Scrounging around online, I came up with a few bargain suppliers of rope and got myself three kinds: 1/4" amsteel for standing lines, and 1/4" and 3/8" vintage 3-strand for running lines. For the uninitiated, amsteel is a trade brand for high-modulus polyethylene rope (HMPE). The claim is that this rope is, diameter-for-diameter, stronger than steel, weighs less, is UV-stable, floats, and has very low stretch. Sounds perfect for standing rigging. The New England vintage 3-strand looks and feels like first-class manila rope, but has superior strength, lower stretch, and high durability when exposed to the elements. It has the added advantage of looking right on a traditionally rigged vessel.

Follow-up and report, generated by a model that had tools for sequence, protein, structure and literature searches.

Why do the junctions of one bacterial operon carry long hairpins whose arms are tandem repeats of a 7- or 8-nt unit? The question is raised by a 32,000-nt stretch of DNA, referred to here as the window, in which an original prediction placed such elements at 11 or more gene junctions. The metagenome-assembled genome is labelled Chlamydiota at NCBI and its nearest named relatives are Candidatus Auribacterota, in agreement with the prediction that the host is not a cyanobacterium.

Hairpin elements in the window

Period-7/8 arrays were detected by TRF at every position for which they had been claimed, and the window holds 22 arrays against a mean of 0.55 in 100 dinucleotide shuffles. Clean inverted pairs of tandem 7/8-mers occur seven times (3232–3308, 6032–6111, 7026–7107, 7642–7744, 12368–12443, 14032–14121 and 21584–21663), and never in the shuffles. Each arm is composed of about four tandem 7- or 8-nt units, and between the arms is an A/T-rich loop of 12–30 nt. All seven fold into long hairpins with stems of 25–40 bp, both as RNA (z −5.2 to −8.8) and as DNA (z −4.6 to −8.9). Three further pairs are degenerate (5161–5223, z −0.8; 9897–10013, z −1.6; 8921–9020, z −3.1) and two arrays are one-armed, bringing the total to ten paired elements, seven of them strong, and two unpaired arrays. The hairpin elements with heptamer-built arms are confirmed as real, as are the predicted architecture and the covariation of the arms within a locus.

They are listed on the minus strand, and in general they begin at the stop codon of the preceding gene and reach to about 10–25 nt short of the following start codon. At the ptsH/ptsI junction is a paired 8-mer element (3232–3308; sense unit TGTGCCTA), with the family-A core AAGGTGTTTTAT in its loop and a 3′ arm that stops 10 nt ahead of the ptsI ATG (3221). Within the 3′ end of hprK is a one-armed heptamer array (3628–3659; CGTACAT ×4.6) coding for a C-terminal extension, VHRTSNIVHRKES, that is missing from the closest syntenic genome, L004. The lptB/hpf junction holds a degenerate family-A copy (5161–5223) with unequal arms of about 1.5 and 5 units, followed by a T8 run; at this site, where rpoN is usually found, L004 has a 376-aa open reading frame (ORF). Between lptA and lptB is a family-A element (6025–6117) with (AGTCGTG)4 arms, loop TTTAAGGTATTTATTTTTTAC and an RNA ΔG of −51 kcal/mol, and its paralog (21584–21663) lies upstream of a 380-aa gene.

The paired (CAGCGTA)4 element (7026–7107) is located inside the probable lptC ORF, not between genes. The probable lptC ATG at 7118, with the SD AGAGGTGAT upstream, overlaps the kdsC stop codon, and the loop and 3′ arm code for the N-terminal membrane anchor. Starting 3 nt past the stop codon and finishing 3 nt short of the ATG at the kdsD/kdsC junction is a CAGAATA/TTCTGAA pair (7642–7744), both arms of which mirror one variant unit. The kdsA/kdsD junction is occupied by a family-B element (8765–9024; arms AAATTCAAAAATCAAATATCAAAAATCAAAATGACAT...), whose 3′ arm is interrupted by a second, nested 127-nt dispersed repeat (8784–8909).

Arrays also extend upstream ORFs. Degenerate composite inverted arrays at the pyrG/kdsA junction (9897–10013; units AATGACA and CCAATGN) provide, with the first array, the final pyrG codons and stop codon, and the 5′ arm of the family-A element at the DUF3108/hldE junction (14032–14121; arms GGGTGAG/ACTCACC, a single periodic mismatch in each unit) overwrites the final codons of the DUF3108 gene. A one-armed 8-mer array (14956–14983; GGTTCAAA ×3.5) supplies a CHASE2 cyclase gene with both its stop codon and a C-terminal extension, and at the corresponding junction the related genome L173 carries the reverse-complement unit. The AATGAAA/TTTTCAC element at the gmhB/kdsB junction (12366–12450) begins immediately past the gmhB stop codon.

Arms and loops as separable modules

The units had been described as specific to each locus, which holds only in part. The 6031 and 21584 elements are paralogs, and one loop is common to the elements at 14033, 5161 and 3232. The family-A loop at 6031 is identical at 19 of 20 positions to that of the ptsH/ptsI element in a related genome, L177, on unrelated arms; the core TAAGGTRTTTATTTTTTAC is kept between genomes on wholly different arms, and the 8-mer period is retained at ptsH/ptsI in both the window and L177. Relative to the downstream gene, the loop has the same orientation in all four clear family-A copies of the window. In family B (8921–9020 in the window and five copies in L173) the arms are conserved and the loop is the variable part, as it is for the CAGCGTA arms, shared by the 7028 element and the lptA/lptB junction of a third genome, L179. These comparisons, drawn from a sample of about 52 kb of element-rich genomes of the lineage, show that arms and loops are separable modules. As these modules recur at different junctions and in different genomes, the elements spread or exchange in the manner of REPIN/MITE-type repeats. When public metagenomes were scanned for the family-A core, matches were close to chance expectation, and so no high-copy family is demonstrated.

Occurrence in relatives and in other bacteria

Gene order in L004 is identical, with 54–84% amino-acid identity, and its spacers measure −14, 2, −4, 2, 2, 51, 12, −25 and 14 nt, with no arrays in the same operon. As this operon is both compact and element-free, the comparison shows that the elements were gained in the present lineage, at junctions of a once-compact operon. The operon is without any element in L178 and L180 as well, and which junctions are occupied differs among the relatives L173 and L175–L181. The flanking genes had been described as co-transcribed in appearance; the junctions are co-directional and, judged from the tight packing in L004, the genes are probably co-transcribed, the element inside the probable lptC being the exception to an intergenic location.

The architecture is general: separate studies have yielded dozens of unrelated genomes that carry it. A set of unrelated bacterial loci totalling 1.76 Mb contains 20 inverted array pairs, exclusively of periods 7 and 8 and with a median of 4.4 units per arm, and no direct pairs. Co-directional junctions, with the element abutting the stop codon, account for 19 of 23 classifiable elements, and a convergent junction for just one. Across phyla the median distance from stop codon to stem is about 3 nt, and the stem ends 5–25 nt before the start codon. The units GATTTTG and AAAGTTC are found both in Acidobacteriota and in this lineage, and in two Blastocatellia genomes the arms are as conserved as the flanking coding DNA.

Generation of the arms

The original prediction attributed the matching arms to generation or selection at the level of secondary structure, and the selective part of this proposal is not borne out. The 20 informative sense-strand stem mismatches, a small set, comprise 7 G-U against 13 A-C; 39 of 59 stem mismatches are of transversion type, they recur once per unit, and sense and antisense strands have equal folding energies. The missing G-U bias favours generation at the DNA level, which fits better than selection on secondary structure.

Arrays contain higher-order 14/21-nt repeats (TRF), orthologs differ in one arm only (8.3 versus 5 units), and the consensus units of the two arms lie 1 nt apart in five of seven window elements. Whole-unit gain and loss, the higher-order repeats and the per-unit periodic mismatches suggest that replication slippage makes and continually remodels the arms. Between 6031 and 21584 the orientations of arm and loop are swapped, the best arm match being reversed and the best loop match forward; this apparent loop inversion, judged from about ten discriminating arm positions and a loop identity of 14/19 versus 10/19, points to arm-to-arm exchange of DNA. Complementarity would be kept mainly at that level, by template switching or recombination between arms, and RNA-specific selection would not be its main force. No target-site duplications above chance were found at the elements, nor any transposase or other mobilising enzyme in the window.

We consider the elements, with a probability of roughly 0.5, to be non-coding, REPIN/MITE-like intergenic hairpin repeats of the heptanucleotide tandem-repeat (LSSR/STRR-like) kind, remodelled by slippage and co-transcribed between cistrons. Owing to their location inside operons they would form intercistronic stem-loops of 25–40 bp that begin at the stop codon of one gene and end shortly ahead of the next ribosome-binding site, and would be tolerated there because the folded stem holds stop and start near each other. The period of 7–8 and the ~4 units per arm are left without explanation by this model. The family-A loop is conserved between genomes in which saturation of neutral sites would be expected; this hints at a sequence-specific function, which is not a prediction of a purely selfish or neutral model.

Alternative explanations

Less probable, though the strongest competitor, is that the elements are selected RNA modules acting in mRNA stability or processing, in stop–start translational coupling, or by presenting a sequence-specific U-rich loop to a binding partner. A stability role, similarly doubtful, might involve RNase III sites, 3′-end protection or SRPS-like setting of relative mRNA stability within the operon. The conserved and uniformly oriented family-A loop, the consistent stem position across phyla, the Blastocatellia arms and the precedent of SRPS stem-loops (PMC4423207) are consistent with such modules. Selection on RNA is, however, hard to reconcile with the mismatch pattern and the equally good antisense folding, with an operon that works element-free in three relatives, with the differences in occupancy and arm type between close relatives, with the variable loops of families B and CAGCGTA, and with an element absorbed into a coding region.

Spools of line in hand, I return to the internet to find articles and you-tube videos about splicing different kinds of lines. Also, two books from Amazon are useful for the novice: Brion Toss' Rigger's Apprentice, and Barbara Merry's The Splicing Handbook.
Here are the fruits of my early labors:
|Detail of the turnbuckle attachment to the bowsprit.|
|Here's detail of the turnbuckle for the side stay.|
|Here's detail of the eye splice. I used waxed polyester twine to whip/serve the standing line. Probably overkill (like most of my work!) but it looks nice.|
|These have only been roughed out. Quarter shown for scale. I made these out of a piece of Lignum Vitae that I found. They'll be perfect for tying off 1/4" lines. By the way, I LOVE the smell of LV. It reminds me of lemon wood for some reason.|